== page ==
Rudyard Kipling’s oft quoted line that Myanmar is quite unlike any other land you know about, is as accurate today as when it was written. Myanmar has its own vibe, and is coming into its own after years of being largely off limits to tourists. Recently moving towards democracy, and with their beloved Aung San Suu Kyi now free and active in politics, now is the time to visit Myanmar.
Although tourism is hotting up, services and hotels are struggling to keep pace with demand. Therefore, a most comfortable and enjoyable way of exploring Myanmar is aboard a luxury river cruiser. The name of the Belmond-operated luxury river cruiser ‘Belmond Road to Mandalay’ clearly reflects the importance of the Ayeyarwady River as the country’s main transport route. Relax on the top deck and watch river life glide by, stopping to take excursions during the day, and retreating to comfortable cabins and delicious cuisine each night.
Most visitors fly into Yangon, Myanmar’s largest city and home to the absolutely dazzling Shwedagon Pagoda, a golden Buddhist temple that draws Pilgrims from around the world. A walking tour of Yangon reveals crumbling colonial architecture to rival that of Havana, busy street markets, and traditional dress still being worn on a daily basis. Wonderful accommodation options in Yangon range from the boutique Belmond Governor’s Residence with its teak construction and beautiful pool; to the grand Sule Shangri-La where high ranking officials host swanky weddings at weekends.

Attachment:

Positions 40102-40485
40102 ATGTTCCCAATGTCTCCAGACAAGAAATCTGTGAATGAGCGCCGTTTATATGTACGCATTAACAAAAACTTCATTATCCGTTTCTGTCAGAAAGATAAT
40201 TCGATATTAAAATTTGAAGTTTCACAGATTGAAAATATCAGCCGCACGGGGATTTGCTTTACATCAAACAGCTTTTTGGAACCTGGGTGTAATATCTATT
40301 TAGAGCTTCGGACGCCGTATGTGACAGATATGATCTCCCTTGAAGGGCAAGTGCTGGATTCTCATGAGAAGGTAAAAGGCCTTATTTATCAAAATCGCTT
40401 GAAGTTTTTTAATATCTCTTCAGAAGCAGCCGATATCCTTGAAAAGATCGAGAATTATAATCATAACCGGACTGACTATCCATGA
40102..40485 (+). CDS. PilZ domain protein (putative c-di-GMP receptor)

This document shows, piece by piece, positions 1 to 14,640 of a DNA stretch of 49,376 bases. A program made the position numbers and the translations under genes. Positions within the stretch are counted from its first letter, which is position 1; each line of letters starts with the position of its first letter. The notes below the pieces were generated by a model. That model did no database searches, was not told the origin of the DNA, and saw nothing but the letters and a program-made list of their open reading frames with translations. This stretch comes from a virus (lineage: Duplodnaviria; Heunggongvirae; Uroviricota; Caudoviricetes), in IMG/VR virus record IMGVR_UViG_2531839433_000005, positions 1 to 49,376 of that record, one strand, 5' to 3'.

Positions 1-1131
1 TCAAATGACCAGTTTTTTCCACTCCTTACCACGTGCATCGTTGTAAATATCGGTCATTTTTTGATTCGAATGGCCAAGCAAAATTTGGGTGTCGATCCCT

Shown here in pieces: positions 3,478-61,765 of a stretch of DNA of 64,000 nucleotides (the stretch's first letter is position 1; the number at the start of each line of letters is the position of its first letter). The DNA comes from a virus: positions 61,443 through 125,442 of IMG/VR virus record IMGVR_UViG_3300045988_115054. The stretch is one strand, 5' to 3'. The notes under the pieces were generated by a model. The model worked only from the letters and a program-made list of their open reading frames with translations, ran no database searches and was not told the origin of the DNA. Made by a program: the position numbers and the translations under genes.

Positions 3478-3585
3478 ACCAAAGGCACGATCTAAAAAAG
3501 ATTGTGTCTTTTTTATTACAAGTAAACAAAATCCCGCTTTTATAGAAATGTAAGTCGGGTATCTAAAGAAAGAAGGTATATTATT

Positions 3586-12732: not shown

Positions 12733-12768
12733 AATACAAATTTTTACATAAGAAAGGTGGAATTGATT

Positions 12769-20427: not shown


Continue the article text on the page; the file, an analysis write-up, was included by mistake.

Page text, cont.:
River cruises run mainly between Mandalay and Bagan, with longer itineraries extending to fascinating landscapes further north, and others westward on the picturesque Chindwin River. Beautiful views out over Mandalay and surrounds can be enjoyed from the Sagaing Hills, and a must-see is the Kuthodaw Pagoda, home to multitudes of marble tablets telling the story of Buddha – the “world’s biggest book”. Mandalay artisans are renowned for their gold-leaf beating, silk weaving, and marble carving. At the end of the day, take in sunset with the locals at the picturesque 200-year-old U Bein Bridge.
Wherever you go in Myanmar, temples are never far away, and no more so than in magical Bagan, where over 2000 temples dot the landscape as far as the eye can see – another awe-inspiring sunset and a significantly moving moment.
Other off-ship excursions may be to countryside villages, largely unchanged for centuries. Chickens cluck about your feet as you stroll the streets, with nothing more on sale for tourists than a cup of tea at the busy village tea-house. Here horse-drawn carts are a common mode of transport, and a smile at a stranger will always be genuinely returned.
It pays to keep an open mind in Myanmar. Do visit that next temple, as it will undoubtedly reveal something surprisingly different. Do realise that many still live in poverty, so try to buy your mementos from small local artisans. And do be prepared to fall in love with a country of great traditions, unfailingly friendly people, and (we hope) a bright future.